Thursday, May 07, 2009

How to spot a (possibly) bad teacher

I wrote this blog because there has been a lot of discussion about teachers lately and I know many students spend their hard earned money on English teachers, only to be let down.

Let's get straight to business. There is no definition of a "good" teacher, because personality plays such an important part for any educator. Good teachers can come in all shapes, sizes and personality types in my opinion.

However, while it's also impossible to give a strict exposition of a "bad" teacher - as opposed to an obviously awful teacher - there are certain things to look out for and I will describe them here.

But first, be very clear: there are very good teachers in Thailand. A whole damn lot of them. Some are fully qualified, some partly qualified, a few unqualified. Wherever you are in Siam, look in the right places, ask the right questions and you will find them. I make this point because part of me feels like a traitor whenever I criticise the state of foreign teachers in Thailand, but sadly it needs to be done. I could go on at length about the attitude and approach of bad teachers but it would not help.

What will help is this; my list of 'warning signs' for possibly bad teachers. Bear in mind this guide is aimed at adult students. While much of it would naturally apply to a teacher for any age group, some things will differ for obvious reasons. I also want to stress it's aimed at teachers of English language, which is not my own full time profession.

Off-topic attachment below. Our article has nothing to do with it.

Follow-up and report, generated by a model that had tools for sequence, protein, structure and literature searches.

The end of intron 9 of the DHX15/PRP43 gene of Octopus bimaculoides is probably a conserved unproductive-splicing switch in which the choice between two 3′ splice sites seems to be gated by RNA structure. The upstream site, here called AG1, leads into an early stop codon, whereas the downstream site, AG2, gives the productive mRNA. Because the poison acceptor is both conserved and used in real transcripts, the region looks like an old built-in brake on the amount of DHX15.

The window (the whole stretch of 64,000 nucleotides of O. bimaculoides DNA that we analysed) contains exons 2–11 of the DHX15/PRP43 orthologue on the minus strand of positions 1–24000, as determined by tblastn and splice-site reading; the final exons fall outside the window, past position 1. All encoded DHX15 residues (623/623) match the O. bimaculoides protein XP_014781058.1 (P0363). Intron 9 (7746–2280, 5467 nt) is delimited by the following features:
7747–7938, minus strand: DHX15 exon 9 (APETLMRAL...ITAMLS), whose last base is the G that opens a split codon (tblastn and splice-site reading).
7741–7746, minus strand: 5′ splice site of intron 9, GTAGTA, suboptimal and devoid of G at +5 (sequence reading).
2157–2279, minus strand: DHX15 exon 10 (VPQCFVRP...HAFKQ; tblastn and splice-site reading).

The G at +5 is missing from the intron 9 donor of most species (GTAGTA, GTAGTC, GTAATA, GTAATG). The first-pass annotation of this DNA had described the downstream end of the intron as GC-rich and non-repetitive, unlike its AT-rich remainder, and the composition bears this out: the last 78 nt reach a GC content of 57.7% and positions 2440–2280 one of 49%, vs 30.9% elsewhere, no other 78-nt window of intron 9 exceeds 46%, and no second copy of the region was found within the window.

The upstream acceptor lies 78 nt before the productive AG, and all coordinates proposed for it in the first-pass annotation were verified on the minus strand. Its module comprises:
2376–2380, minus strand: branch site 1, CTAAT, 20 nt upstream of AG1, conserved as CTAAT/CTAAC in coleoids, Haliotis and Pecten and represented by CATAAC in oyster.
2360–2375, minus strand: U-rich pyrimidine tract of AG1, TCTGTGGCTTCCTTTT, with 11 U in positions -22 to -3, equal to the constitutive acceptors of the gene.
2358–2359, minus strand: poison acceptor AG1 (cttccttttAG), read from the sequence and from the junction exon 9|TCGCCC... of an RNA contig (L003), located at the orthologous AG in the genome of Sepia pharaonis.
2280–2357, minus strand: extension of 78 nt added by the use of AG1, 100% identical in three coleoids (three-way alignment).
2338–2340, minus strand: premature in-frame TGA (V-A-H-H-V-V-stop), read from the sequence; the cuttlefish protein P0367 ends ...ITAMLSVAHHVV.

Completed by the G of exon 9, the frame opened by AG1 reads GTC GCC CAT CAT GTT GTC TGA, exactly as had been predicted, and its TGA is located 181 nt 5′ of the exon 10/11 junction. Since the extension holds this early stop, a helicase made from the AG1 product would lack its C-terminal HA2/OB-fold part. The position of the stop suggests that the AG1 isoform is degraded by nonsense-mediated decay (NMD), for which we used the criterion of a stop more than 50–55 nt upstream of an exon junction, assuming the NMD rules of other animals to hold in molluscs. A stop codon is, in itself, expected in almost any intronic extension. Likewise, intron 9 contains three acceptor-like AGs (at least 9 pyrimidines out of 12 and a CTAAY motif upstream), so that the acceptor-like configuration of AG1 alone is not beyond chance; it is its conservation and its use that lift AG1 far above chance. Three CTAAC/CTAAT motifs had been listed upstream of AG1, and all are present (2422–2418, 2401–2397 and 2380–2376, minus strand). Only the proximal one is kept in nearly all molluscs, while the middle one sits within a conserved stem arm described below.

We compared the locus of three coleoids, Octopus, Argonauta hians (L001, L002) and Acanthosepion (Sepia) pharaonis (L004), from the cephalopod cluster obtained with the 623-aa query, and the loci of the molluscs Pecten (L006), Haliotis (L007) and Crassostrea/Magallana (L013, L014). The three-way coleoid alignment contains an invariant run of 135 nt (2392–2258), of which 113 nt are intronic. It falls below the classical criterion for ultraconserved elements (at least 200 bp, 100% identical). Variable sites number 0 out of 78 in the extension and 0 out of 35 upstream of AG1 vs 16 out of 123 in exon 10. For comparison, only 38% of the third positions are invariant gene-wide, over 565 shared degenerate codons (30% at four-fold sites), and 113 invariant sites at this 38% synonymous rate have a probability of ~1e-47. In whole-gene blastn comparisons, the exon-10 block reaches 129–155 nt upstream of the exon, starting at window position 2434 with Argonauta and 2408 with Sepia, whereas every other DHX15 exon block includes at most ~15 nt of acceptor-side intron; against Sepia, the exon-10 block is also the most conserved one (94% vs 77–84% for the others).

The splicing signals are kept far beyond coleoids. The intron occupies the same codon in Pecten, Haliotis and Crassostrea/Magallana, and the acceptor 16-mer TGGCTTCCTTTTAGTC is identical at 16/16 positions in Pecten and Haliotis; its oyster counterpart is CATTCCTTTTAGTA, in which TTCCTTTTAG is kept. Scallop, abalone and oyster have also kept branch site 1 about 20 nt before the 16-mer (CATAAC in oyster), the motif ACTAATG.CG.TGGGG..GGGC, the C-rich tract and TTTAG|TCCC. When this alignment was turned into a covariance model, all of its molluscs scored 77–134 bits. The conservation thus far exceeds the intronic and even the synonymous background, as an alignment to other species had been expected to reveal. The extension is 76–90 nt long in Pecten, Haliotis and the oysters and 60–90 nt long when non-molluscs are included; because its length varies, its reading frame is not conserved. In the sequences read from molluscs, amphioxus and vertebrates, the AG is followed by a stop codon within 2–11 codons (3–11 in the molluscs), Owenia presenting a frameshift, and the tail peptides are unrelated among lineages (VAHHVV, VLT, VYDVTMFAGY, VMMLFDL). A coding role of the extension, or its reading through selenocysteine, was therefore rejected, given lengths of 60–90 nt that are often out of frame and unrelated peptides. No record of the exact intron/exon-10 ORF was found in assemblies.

1) Look at appearance.

Not too much needs to be said here as Thais are hot on appearances anyway. While I know some very good but overworked teachers who can be a little scruffy, it's generally a warning sign. Shoes are a particular signal. Teachers are not rich of course, we don't strut around in Armani leather soles but a glance at a teacher's footwear can often be a surefire giveaway to their attitude. Which reminds me, I must buy some more polish ;-0

2) Ask a very basic grammar question e,g:"What's the difference between the past simple and past perfect?".

It doesn't matter if you want to study grammar or not, a teacher who cannot answer such a question is like a pilot who doesn't know where the cockpit is. During my stint as head teacher at a certain school, I had an applicant teacher fill out our test form. One of the instructions was: "Name all the tenses". He answered: "Past, now, tomorrow". He was not employed.

3) Ask him if he's ever taught TOEIC or IELTS.

If you get a puzzled look, he's probably not a very experienced teacher. That doesn't make him bad, of course.

4) Ask a general question that has an open answer e.g: "What do you like about teaching?"

This has two purposes and is especially important if you wish to be a private student. First, you can actually listen to an answer to an important question. Secondly, you can test how much you understand of your potential teacher when he speaks. If he talks at a native speaker's pace and for a long time, he is probably not a very good teacher. I've only ever met one exception to this rule in my career.

5) Ask if you can watch him teach a class.

I don't know many people who jump for joy at the thought of a stranger watching them work but a teacher should be understanding and readily accepting of this. If he makes excuses as to why you can't, he is almost certainly a poor teacher.

That's all. Some people may be wondering why I didn't tell everyone to ask after a teacher's qualifications. Well it's simple: the bad ones will lie. Unless you are prepared to take the time to check the qualifications for yourself, you will achieve little. Following these steps should be enough to let you take a guess at his qualifications anyway.